Stephen Covey’s book, “The Seven Habits of Highly Effective People” has been sitting on my bookshelf for a few months now. I’ve skimmed through it, but for one reason or another, I had not sat down and truly read it. It was on my list of personal development materials, one that would improve me, thus improving my business and my life, yet I didn’t read it. Last week, I picked it up; I was drawn to it by the old adage when the student is ready I think.
I am on a journey and I had come to a fork in the road. I knew I wanted to go on, to keep forging ahead, but I also knew there were things I just didn’t know how to do. No matter how much I want the end goal, the steps to getting there are ones that require more growth, more work on me from the inside-out.
Today, I read about dependence, independence and interdependence. I’ve always considered myself an independent person – and I was proud of it. And, I’ve always said, I’m not really a team player or I’ve always been sort of a loner. Well, as it turns out the real success, the road to “maximum effectiveness” is indeed through interdependence. I sort of think of it as a well oiled machine humming along, all the parts working together, none of them really independent of another.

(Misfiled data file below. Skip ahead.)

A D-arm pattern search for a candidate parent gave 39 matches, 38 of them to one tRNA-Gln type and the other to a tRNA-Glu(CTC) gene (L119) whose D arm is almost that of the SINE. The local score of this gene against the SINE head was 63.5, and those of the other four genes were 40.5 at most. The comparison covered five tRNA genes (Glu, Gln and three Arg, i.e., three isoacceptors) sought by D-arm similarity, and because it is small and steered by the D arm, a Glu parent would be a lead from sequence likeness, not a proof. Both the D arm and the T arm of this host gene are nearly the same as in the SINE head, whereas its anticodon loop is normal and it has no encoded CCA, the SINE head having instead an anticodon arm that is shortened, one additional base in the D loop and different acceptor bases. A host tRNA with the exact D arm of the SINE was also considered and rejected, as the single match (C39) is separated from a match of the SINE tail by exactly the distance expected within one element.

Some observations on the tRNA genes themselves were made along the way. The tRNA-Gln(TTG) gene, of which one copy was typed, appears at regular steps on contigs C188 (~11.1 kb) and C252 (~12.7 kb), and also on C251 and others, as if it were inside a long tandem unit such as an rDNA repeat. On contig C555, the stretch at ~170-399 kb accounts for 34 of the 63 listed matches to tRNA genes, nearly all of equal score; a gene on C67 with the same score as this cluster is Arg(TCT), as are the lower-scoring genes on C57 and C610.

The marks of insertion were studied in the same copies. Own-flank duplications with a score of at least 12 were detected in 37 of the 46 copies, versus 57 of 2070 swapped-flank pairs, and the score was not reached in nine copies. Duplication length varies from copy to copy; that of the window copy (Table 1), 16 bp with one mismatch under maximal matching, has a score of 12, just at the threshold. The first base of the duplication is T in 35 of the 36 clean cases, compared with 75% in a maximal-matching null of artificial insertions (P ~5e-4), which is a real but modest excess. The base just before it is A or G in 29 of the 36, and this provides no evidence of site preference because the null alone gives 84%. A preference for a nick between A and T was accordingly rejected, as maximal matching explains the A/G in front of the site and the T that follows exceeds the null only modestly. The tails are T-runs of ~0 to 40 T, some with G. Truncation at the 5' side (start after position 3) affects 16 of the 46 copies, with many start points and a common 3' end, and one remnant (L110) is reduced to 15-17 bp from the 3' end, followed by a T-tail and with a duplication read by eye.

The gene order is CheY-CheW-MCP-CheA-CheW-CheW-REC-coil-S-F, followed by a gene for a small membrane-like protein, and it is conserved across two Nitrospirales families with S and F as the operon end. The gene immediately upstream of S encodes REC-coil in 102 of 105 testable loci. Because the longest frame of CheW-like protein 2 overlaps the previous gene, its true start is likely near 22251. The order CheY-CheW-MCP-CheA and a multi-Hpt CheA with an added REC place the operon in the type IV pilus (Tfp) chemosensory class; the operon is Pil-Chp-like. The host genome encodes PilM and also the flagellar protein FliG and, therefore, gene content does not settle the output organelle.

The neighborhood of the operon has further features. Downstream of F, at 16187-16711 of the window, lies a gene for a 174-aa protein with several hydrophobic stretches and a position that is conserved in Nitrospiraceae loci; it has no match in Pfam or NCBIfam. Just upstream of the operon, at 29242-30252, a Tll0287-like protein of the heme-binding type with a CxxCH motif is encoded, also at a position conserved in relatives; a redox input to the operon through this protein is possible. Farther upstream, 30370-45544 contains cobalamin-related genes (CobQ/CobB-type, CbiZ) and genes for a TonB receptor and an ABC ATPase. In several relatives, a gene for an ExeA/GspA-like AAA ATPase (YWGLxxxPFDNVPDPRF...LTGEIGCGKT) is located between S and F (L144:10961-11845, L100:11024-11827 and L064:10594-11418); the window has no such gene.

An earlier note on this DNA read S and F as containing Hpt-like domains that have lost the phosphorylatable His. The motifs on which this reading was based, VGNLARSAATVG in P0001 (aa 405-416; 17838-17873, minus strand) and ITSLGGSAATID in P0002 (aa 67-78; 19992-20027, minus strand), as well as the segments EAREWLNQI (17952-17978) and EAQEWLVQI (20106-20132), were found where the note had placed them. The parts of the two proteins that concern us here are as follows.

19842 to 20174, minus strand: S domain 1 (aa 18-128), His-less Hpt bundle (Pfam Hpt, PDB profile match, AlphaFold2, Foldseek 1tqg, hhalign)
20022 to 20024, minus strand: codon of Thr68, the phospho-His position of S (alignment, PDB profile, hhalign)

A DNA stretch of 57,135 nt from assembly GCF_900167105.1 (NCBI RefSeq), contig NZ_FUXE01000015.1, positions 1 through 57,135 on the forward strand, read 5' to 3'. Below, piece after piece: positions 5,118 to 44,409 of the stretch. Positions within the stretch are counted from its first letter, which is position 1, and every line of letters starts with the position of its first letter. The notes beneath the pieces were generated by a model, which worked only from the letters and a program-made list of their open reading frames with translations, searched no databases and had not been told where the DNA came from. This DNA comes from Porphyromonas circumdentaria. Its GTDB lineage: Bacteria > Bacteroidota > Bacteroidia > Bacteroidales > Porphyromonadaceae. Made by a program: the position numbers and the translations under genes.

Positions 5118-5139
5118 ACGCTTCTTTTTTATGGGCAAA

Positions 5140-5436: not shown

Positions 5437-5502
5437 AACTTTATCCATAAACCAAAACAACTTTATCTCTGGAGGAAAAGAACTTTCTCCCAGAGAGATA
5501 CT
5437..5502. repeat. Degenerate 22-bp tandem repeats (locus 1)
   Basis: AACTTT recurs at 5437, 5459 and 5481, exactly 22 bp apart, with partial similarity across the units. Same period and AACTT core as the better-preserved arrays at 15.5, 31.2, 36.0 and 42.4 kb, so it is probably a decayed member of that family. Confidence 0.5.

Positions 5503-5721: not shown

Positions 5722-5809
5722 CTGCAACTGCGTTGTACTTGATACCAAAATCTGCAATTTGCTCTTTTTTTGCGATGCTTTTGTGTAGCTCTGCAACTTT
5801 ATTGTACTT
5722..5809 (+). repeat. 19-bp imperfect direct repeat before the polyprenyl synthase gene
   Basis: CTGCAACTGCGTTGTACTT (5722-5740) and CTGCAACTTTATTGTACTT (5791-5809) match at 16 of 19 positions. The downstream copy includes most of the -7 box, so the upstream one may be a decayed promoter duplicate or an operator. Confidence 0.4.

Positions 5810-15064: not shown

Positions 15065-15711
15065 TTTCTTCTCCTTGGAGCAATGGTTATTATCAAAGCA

Covey writes, “Life is, by nature, highly interdependent. To try to achieve maximum effectiveness through independence is like trying to play tennis with a golf club – the tool is not suited to the reality.”
As I read, it slowly dawned on me. I’ve always thought of my independence as a good quality, yet I always knew – deep down – that when I said I’m not a team player that there was something missing. I didn’t think of myself as one, yet, I knew that those who were had something special; they had a quality that I didn’t. So now, I see that perhaps it was a little bit of fear that was holding me back – maybe a lot of fear.
Covey writes, “Interdependence is a far more mature, more advanced concept. If I am physically interdependent, I am self-reliant and capable, but I also realize that you and I working together can accomplish far more than, even at my best, I could accomplish alone. If I am intellectually interdependent, I realize that I need the best thinking of other people to join with my own.”
And so, as I move into the heart of this incredible book, I am excited about my journey. To move from independence to interdependence, to learn self-mastery. I know that personal growth is all about being uncomfortable so I welcome the challenge and I will pay attention as I move into the next three habits. When you reach your fork in the road, close your eyes and pay attention and focus on what you really want, what your heart says, and your own teacher will appear on your path.